Excuse me, but that is *not* what happened. You were explained politely in the edit summary (which is what it's for) and in the thread on my talk page that you started with rudely telling me "Seriously, man, chill the heck out. You sure seem to be delete-happy... " and a further statement of "It's me not understanding your love of the delete key". Making grandstanding, non-productive statements like that is soapboxing, plain and simple. --Marty Goldberg (talk) 15:28, 17 August 2009 (UTC)

And to support my side of this, here are the (apparently) relevant rules from the WP:VG/GL site:

1. Non-notable articles and spinouts: Avoid creating new articles on non-notable topics. A notable topic must receive significant coverage in reliable sources that are independent of the subject. A smaller article should only be split from a larger topic if the new article would itself be notable.

4. Strategy guides and walkthroughs: Basic strategy concepts are helpful to understand the game, but avoid details about how to solve puzzles and defeat certain foes.

I was not creating a new topic. I was simply including the fact that there is a bug (granted, I thought it was a cheat, but I am glad to be corrected). And I took out the "how to" on the bug. Also, I don't understand how you could remove the piece talking about the challenge stage. It wasn't a walkthrough; it was just info that if you got 'em all, you got the max 10K. If not, you only got 100 per kill. It's not as if he was telling you where to position your ship for each wave or anything...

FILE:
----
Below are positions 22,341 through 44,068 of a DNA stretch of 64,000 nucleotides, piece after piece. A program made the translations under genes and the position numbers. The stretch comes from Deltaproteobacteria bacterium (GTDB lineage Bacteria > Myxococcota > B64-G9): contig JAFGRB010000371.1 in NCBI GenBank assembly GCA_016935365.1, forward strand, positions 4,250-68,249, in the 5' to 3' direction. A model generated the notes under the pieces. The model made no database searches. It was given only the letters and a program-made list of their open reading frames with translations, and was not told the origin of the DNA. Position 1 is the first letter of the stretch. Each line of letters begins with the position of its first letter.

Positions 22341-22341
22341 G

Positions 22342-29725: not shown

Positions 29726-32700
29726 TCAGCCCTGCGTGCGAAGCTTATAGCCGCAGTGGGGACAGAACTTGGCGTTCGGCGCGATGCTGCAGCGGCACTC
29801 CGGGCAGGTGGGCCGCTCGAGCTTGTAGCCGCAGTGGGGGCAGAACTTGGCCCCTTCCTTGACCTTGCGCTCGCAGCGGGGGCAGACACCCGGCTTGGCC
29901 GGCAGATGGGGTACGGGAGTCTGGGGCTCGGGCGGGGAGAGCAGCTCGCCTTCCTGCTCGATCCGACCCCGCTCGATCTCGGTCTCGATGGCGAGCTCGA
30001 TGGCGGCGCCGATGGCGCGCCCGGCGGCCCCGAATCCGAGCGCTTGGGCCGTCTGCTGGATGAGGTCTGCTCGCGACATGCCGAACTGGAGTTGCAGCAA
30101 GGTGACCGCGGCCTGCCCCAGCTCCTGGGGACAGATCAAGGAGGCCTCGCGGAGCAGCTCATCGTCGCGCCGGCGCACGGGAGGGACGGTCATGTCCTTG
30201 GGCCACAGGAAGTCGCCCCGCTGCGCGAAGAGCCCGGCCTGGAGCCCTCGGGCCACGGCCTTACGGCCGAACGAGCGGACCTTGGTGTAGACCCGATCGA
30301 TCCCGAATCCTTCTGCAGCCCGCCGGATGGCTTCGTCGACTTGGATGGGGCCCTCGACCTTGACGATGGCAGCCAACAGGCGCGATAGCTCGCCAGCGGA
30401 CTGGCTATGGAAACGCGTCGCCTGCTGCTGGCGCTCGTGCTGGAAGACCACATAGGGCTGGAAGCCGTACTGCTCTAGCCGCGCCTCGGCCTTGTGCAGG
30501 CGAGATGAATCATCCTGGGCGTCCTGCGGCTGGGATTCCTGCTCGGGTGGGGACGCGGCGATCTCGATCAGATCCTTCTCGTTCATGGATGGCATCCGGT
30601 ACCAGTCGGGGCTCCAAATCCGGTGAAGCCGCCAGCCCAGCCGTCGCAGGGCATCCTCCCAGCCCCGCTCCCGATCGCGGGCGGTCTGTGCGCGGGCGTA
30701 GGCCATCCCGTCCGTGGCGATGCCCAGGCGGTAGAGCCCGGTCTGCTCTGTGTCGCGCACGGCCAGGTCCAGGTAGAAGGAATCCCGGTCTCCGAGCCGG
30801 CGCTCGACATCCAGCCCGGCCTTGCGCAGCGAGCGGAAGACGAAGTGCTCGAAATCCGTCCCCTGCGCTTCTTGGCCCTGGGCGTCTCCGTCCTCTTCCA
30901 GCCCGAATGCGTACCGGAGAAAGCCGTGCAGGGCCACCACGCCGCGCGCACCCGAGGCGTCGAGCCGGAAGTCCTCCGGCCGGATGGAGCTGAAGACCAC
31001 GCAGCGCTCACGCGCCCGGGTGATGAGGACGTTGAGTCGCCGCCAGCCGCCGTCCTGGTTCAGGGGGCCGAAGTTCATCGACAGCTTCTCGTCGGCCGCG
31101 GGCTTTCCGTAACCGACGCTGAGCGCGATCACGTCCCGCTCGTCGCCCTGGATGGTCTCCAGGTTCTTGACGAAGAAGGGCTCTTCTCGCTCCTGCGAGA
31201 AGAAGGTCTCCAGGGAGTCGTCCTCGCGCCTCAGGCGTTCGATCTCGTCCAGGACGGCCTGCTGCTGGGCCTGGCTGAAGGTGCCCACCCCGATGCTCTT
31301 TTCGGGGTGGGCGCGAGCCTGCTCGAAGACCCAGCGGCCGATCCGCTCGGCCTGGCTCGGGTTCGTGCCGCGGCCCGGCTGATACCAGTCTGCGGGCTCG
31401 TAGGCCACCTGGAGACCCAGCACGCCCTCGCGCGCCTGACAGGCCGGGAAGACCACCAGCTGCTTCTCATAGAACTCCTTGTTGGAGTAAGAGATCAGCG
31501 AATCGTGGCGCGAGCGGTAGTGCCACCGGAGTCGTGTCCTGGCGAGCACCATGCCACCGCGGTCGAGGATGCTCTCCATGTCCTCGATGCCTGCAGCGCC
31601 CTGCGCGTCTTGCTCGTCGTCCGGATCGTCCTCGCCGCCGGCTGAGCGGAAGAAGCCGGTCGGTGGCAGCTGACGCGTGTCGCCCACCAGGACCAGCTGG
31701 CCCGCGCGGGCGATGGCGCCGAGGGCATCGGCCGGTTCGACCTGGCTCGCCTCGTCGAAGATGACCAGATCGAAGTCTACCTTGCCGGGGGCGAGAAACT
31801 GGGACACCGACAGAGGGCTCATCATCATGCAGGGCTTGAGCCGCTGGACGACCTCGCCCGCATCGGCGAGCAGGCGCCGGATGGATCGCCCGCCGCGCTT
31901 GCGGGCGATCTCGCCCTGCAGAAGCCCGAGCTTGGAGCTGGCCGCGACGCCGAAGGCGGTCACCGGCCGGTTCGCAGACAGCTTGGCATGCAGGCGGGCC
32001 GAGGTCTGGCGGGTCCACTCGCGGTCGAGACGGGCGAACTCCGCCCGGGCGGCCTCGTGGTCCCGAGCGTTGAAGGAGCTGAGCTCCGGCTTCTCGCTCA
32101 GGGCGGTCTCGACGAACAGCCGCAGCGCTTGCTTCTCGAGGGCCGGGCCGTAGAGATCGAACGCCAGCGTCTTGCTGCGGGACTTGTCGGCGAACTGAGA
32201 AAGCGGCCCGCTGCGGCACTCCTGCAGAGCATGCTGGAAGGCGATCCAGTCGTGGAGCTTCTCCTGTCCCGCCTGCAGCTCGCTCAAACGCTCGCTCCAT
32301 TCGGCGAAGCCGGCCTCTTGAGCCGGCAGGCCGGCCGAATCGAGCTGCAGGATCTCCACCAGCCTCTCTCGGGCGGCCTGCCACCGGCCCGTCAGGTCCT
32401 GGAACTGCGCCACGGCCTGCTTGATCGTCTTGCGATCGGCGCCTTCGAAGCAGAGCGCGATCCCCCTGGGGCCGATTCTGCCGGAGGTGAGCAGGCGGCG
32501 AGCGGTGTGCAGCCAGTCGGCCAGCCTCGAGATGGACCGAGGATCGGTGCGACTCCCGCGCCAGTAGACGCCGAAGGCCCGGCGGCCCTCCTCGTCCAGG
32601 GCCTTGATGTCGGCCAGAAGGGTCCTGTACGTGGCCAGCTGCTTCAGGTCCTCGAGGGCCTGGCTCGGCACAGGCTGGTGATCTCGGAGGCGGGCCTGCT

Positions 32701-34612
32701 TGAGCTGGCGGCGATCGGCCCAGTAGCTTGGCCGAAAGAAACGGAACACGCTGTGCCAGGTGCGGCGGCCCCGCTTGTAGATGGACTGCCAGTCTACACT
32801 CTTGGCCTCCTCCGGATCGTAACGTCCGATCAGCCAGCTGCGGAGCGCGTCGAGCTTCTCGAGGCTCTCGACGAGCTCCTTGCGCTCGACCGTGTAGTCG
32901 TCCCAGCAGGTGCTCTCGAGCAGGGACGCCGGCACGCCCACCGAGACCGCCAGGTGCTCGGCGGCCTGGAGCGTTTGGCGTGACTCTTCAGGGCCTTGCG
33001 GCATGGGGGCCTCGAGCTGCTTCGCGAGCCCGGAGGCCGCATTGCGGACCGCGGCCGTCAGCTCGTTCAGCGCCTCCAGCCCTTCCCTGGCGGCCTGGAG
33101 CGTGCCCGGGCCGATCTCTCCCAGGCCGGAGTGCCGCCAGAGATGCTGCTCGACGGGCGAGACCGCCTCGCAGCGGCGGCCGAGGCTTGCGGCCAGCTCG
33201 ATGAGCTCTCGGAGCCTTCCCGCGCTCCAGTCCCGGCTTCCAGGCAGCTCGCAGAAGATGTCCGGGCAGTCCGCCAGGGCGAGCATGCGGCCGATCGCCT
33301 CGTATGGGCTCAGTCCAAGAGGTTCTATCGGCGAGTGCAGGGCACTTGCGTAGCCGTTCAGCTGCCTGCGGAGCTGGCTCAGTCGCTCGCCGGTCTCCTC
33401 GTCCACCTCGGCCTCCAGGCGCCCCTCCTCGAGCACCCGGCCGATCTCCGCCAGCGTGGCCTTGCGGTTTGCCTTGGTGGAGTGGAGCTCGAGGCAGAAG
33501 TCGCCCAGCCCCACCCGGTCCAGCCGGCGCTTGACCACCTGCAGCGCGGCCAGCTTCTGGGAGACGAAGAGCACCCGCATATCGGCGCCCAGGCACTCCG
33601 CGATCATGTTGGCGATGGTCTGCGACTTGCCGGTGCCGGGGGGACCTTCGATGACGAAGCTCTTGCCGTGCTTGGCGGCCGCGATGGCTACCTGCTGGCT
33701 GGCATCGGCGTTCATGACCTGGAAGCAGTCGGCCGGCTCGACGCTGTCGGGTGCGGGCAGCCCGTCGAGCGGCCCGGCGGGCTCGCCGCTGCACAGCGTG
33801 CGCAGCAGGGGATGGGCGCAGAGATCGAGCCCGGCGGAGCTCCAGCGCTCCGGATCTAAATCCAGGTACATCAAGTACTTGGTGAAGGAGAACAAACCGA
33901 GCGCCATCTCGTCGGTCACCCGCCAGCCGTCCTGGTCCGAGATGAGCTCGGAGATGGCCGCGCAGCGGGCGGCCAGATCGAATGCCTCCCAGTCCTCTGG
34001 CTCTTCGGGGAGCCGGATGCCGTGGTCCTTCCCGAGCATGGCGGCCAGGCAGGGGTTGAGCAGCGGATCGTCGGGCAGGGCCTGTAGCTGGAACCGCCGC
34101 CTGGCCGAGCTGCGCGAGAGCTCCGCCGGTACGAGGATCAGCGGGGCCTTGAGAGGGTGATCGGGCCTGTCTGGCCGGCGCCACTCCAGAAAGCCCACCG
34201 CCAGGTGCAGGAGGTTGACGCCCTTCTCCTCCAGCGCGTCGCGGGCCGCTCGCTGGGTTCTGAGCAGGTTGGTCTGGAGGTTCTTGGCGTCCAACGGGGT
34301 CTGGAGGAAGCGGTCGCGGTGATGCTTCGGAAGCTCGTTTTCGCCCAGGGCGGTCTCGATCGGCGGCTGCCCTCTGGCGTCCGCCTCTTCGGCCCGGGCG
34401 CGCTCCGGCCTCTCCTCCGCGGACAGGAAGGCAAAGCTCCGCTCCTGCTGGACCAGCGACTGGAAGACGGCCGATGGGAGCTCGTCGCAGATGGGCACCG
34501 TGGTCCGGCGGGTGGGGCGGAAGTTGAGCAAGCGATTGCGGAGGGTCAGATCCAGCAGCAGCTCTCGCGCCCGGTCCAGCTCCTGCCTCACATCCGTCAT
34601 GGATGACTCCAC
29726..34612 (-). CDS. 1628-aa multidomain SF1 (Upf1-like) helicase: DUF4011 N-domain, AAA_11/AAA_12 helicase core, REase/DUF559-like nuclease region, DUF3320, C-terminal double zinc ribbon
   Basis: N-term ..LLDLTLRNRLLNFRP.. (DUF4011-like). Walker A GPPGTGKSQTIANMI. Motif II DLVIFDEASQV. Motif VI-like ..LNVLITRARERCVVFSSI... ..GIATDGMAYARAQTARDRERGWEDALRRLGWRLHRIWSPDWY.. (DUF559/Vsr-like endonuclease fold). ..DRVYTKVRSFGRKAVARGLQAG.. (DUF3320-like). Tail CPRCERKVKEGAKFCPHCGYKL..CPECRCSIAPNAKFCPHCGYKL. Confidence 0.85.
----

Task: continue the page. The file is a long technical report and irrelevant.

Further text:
I guess I'd just like someone to simply explain to me where these points are bad. Please? Deejaye6 (talk) 13:52, 17 August 2009 (UTC)

You were explained already, the fact there is a bug is non-notable in itself - it must have significant coverage for it to be considered important, the way it was presented was pure gameguide material (and yes such material is considered walkthrough material by the video game project here), and the cheat site you tried using as a reference in no way satisfied notability and reliability requirements. Contrary to what you're stating, you're not being singled out. This type of material (as you were also explained) is routinely removed from the articles - once again, the purpose of articles here is to reach WP:GA and WP:FA status, not to collect every tidbit about the subject in the article. The fact there is a bug or cheat that can't be included is nothing like not being able to see the last score of the superbowl, it's like not being able to hear one of the players had a problem with their chin strap on the helmet during the game - trivial at best, unless it cost them the game or some similar show stopping happening. An example of a well known, documented, and notable bug would be the split-screen level of Pac-Man. This bug/cheat for Galaga has in no way recieved the same level of importance, which again is why it was routinely removed as gameguide material. This is the last explination I'm going to give of the same thing over and over, I've been more than accomidating between my talk page and here with the deluge of conduct accusations against me by you. I'll leave it over to Kiefer to explain further, he's also a member of the video game project, and an admin. --Marty Goldberg (talk) 15:28, 17 August 2009 (UTC)

BBC Micro clone[edit]

On the BBC micro there was a game called Zalaga which looked exactly like Galaga although there were some gameplay changes (eg your ship was not captured when caught in the tractor beam, your ship would just double) should this be mentioned on this page? --Albinoblackrabbit (talk) 20:04, 16 August 2009 (UTC)